What would I be without these books in my life? I get teary-eyed just thinking about these books and what they have done for me, as a person, as a reader, as a writer. I first read Sorcerer’s Stone when I was ten years old, the year it was released here in the United States. I am 25 and I can’t imagine ever not loving these books. I read each and every one with a fervor that I have never had for any other book series. I fell in love with characters more than any other, laughed when they laughed, celebrated with they celebrated, worked hard with them and cried when they died. These books took me from an avid reader to a passionate reader, to a reader whose very escape from everything in life that ever goes bad is a book, and especially these books. From the time I was 10 until a few years ago, nothing was going right. Of course it wasn’t, I was a teenager. But between my parents’ separation, switching schools, being responsible for things that no normal pre-teen is, falling in love, getting pregnant, and so many things…these books were there through it all. I was always a big reader but these books turned me into the passionate reader, the book addict that I am today. They taught me more than I have ever learned in any bible or textbook. I have gotten so many morals and beliefs and lessons from these books. They have taught me about love and friendship and family and death and sacrifice and forgiveness and tolerance and acceptance and on and on and on. There will never be a book series that means as much to me as this one does. There will never be a series like this. These books are so beautifully written and they have given me every emotion I could possibly feel. There is a reason that I have permanently marked myself with four Harry Potter tattoos.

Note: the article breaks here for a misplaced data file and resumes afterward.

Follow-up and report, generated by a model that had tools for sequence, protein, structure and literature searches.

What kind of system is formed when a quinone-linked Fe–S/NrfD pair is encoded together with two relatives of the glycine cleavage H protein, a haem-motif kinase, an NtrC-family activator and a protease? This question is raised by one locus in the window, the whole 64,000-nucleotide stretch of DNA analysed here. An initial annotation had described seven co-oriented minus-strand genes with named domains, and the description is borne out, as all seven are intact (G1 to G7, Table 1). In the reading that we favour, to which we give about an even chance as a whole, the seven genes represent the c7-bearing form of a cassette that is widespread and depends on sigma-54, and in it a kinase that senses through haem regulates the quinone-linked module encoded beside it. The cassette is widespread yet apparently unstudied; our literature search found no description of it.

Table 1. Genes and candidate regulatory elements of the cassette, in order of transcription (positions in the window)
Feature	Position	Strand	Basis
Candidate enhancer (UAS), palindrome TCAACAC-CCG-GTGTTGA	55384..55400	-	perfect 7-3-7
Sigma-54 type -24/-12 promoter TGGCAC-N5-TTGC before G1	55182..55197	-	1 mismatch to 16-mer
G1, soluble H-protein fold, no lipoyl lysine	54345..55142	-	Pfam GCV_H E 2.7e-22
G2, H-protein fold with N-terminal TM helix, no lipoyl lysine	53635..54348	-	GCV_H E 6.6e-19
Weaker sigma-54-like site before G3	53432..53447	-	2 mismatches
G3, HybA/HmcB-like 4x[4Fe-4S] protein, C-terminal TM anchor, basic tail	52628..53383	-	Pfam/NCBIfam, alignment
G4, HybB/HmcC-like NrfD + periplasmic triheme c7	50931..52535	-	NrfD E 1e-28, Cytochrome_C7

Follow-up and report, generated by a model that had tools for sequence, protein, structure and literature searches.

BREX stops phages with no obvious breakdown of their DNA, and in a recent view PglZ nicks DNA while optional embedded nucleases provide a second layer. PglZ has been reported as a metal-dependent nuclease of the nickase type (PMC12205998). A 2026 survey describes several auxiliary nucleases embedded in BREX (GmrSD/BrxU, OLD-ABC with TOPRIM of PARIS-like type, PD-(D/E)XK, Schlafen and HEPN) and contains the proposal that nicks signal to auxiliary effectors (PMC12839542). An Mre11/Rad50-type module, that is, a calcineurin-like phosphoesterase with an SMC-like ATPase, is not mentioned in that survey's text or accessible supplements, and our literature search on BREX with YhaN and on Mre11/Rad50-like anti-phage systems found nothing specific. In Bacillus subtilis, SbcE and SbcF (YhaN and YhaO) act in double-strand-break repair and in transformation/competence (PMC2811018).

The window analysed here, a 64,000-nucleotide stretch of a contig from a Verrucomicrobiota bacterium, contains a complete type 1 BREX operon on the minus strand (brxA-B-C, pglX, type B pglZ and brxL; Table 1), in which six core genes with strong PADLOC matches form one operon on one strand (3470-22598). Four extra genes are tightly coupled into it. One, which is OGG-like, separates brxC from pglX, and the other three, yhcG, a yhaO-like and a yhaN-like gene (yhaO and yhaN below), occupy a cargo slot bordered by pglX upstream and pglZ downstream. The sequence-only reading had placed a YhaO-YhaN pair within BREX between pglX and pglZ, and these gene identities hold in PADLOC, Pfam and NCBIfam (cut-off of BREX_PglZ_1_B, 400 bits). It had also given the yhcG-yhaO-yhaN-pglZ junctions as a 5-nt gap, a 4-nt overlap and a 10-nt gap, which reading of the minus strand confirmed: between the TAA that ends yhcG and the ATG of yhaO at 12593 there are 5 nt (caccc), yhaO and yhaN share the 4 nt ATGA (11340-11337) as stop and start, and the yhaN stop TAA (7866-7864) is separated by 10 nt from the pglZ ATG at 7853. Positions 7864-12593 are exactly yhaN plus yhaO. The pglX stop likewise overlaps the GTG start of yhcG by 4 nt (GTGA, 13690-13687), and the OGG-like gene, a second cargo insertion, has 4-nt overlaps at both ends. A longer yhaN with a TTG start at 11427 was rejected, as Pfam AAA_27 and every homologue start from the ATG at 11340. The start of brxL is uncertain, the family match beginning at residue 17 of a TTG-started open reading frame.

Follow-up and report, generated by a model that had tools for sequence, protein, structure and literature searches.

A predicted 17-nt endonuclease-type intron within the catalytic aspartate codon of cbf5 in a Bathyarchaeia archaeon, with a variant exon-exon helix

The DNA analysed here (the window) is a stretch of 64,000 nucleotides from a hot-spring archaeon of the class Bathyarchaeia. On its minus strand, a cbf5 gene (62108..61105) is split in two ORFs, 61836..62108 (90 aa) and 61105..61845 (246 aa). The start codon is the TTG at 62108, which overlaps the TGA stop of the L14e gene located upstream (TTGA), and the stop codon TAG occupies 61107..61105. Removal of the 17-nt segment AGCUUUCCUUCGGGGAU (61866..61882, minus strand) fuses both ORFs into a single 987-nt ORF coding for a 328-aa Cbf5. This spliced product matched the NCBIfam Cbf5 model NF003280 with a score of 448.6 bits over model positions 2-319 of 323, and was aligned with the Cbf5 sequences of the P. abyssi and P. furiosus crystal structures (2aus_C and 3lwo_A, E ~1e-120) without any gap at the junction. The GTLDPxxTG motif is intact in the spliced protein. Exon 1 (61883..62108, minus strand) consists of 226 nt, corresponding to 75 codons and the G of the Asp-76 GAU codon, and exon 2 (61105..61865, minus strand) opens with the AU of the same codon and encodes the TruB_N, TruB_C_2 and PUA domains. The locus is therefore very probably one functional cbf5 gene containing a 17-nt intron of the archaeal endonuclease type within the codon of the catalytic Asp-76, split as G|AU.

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I hope you all enjoyed this week’s Tuesday Top Ten! Remember, click the author’s name to check out their website and click the book titles to purchase them on Amazon! I really hope that you guys are able to check out some new series today, every single one of these are very near and dear to my heart.

Stay tuned for some PRETTY awesome stuff coming to the blog this week!

And for past Tuesday Top Ten lists, click here!